Maybe despite their screams to the press that they would win, they knew what was coming, what was inevitable. What followed that amazing day when my husband and I woke up without equality and went to bed with 1,100 more rights, was truly dumbfounding.
On the steps of the Supreme Court, we began to sing the national anthem. I'm amazed by how incredible it feels to sing this. It's a powerful thing to hear a host of men's voices blending together, marginalized citizens showing pride in and passion for a country slow to embrace them fully.
"Frank and Nikki sitting in a tree, K-I-S-S-I-N-G." Almost everyone knows the rest of this song: "First comes love, then comes marriage, then comes th...
At 18, I stuffed my natural attraction to women down into my soul and chose to date men, all because a shrink had said that anyone who was homosexual couldn't possibly be normal, because who would "choose" such a difficult life?
The past five years have been long. They have been painful. But now, with the Supreme Court's decision to restore the right to marry here, California is the state we hoped it would be when we first arrived. It is a state full of possibility.
Look at it this way: When Prop 8 passed the first time, there were no parades, no scowling crowds of Mormons stripping off their strange underwear and waving banners of joy in the streets, celebrating this new and nasty constraint on love.
From Washington D.C., to California and now New York, this week has been full of exciting and long-awaited news for the LGBT community. It only felt right to have a celebration -- and that's what happened on Sunday, June 30.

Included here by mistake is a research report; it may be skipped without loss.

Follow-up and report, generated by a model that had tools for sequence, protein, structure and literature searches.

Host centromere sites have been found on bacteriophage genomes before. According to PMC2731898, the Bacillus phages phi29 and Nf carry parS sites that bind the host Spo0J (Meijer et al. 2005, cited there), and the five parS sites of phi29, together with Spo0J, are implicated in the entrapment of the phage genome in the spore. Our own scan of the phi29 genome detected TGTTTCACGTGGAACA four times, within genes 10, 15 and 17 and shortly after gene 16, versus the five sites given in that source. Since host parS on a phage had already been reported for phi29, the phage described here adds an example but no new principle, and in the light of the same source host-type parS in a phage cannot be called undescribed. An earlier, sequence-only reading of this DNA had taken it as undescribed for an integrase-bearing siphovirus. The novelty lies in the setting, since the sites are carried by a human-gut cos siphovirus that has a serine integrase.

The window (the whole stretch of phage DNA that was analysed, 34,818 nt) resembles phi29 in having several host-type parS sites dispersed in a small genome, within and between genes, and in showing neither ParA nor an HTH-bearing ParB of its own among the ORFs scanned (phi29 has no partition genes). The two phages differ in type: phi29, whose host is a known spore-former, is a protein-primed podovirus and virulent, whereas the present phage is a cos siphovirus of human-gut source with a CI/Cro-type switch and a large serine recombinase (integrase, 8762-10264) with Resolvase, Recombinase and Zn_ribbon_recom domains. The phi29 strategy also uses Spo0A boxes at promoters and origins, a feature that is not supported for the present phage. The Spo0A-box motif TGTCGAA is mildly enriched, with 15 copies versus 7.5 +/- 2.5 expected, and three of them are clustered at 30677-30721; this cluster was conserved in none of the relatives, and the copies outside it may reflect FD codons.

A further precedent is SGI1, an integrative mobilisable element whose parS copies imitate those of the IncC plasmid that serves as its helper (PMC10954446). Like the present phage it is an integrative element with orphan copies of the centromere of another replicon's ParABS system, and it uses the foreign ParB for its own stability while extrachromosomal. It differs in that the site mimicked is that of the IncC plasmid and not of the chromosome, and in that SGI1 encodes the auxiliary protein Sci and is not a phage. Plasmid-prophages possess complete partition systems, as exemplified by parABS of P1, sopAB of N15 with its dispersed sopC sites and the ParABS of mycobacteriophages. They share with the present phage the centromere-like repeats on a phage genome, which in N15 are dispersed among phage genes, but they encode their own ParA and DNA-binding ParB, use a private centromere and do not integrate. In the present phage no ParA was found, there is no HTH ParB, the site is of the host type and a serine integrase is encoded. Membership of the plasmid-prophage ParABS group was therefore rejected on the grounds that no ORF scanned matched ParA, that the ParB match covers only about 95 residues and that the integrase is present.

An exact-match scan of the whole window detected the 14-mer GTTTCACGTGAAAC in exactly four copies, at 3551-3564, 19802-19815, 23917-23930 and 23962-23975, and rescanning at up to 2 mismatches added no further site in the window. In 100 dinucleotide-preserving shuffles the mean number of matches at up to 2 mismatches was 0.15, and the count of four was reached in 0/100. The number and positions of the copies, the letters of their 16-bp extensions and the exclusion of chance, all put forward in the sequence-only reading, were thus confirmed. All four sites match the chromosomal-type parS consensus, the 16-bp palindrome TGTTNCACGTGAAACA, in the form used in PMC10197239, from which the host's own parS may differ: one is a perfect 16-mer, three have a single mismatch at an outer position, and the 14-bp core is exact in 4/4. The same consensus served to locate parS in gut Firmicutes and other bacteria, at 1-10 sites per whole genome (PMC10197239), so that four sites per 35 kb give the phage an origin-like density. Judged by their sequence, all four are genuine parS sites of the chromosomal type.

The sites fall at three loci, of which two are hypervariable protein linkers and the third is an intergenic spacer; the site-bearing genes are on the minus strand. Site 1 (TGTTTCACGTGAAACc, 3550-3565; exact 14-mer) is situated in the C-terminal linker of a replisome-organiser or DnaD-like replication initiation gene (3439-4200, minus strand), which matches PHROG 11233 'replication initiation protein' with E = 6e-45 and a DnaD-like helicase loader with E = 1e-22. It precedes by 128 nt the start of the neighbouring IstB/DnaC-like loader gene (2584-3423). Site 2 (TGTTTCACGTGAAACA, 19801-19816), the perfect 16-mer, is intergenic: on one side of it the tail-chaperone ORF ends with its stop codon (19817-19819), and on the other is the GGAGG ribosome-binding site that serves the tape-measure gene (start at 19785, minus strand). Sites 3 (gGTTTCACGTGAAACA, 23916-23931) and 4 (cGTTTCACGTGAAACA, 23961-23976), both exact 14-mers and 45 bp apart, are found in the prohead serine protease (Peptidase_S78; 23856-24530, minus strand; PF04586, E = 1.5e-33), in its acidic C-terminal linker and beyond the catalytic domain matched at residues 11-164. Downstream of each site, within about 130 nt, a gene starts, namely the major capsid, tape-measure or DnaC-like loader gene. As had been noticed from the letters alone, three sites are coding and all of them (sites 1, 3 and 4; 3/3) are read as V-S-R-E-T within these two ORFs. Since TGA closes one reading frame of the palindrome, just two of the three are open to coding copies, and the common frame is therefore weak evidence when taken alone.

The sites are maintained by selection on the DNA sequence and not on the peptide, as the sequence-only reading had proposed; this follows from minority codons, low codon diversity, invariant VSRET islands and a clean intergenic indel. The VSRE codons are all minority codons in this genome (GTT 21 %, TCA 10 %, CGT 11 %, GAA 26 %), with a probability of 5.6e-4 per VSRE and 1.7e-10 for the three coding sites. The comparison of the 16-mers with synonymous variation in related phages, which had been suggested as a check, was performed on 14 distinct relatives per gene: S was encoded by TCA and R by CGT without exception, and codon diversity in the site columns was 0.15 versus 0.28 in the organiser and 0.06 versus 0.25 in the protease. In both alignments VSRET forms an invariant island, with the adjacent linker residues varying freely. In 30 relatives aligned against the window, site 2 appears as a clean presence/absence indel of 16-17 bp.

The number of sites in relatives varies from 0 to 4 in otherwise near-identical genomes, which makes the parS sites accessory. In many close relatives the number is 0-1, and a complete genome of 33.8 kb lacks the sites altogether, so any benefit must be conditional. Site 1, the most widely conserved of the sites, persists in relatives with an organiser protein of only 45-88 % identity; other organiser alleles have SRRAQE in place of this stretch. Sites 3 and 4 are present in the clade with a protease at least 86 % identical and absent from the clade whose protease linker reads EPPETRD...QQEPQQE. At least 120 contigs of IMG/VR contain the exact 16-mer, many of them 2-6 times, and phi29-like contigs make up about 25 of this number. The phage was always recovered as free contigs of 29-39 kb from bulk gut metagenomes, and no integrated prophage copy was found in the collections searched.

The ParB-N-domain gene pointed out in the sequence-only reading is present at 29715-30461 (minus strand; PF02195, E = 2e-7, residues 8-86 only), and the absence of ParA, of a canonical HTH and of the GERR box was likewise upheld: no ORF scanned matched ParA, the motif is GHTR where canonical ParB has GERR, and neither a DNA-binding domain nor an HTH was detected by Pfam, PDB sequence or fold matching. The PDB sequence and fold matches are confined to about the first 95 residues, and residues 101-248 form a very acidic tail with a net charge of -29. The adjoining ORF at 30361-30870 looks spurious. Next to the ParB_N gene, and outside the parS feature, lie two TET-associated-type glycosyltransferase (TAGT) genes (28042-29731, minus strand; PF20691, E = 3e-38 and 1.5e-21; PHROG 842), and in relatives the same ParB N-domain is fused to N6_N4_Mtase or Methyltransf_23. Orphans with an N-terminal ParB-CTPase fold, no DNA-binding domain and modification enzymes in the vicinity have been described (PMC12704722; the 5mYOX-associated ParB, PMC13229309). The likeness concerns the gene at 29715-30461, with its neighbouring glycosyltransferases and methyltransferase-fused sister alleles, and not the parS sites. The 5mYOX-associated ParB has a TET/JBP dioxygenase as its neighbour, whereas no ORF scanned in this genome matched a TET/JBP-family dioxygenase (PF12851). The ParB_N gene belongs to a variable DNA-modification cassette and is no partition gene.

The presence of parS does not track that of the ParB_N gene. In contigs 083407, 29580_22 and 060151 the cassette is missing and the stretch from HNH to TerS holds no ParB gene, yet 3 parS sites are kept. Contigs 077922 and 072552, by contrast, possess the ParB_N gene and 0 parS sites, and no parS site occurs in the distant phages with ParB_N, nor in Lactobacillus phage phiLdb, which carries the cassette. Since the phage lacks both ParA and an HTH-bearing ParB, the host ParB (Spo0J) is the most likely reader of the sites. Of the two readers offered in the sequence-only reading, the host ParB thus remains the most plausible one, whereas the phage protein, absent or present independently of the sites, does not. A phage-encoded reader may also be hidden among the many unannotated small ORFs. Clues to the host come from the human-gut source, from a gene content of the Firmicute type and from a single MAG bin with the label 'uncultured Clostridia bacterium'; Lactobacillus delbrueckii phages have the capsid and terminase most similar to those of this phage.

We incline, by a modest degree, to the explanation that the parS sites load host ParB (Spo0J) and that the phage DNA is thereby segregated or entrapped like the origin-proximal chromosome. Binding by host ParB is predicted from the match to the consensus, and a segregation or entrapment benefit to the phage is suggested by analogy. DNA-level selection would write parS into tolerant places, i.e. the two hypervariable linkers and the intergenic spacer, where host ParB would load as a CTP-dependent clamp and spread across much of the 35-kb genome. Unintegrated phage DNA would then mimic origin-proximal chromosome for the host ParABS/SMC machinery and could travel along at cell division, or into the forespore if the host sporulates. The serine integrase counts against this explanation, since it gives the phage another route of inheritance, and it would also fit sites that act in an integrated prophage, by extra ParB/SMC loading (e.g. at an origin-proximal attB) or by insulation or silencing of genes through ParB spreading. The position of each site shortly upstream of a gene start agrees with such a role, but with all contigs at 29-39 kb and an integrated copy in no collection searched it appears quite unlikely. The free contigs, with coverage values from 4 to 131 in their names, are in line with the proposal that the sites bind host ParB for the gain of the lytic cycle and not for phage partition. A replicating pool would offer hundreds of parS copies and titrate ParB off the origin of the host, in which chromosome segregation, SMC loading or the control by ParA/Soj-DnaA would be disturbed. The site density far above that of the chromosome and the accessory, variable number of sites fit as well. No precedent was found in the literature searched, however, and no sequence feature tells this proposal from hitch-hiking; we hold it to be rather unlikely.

I participated in a conference call with the American Foundation for Equal Rights moments after their Supreme Court victory. Speaking on the call are AFER Executive Director Adam Umhoefer; lead co-counsel David Boies; plaintiffs Kris Perry, Sandy Stier, Paul Katami and Jeff Zarrillo; and others.
Last year, my partner Sumitra and I moved to Iowa to get married. After 26 years, we will finally tie the knot this fall in Des Moines. And it occurred to me the night of the Supreme Court rulings that my marriage would mean so much more now.
Edie Windsor, the newly-turned 84-year-old who today won a huge LGBT rights victory in her suit against the U.S. government, was the star -- a heroic figure in the eyes of the crowd, albeit one for whom the mic had to be lowered when she stepped up to speak.
Supporters of democracy and the idea of lawmaking by the people -- wherever they stand on the issue of same-sex marriage -- should be troubled by the Supreme Court's decision Wednesday on California's Proposition 8.
Immigration is very complicated, so I contacted Bryan K. Randolph, an attorney practicing in Maryland and the Washington, D.C., area who is preparing to face an influx of cases of binational same-sex couples seeking recognition of their relationships for the purpose of immigration.
How does one explain to her young child the significance of a day like this? How do I teach her about the pain and the anguish that so many have suffered leading up to this day? How can I show her that now our dear friends and family can solidify their commitments to one another?
Liberal Christians aren't liberal in spite of the Bible, but because of it. They don't pursue justice for LGBT people because they haven't read Scripture, but precisely because they have.
As we bask in these historic decisions, it's worth acknowledging some of the unsung patriots who carried the torch for the freedom to marry. No list is exhaustive, but each of these great Americans helped pave the way for marriage equality to become law.
When I got married, less than two weeks before the November 2008 election, more than a few straight male friends said, in a tone of irreverence, "What's wrong with gay marriage? If you want to be as miserable as the rest of us, fine." Nearly five years in, I've succumbed to the same schtick.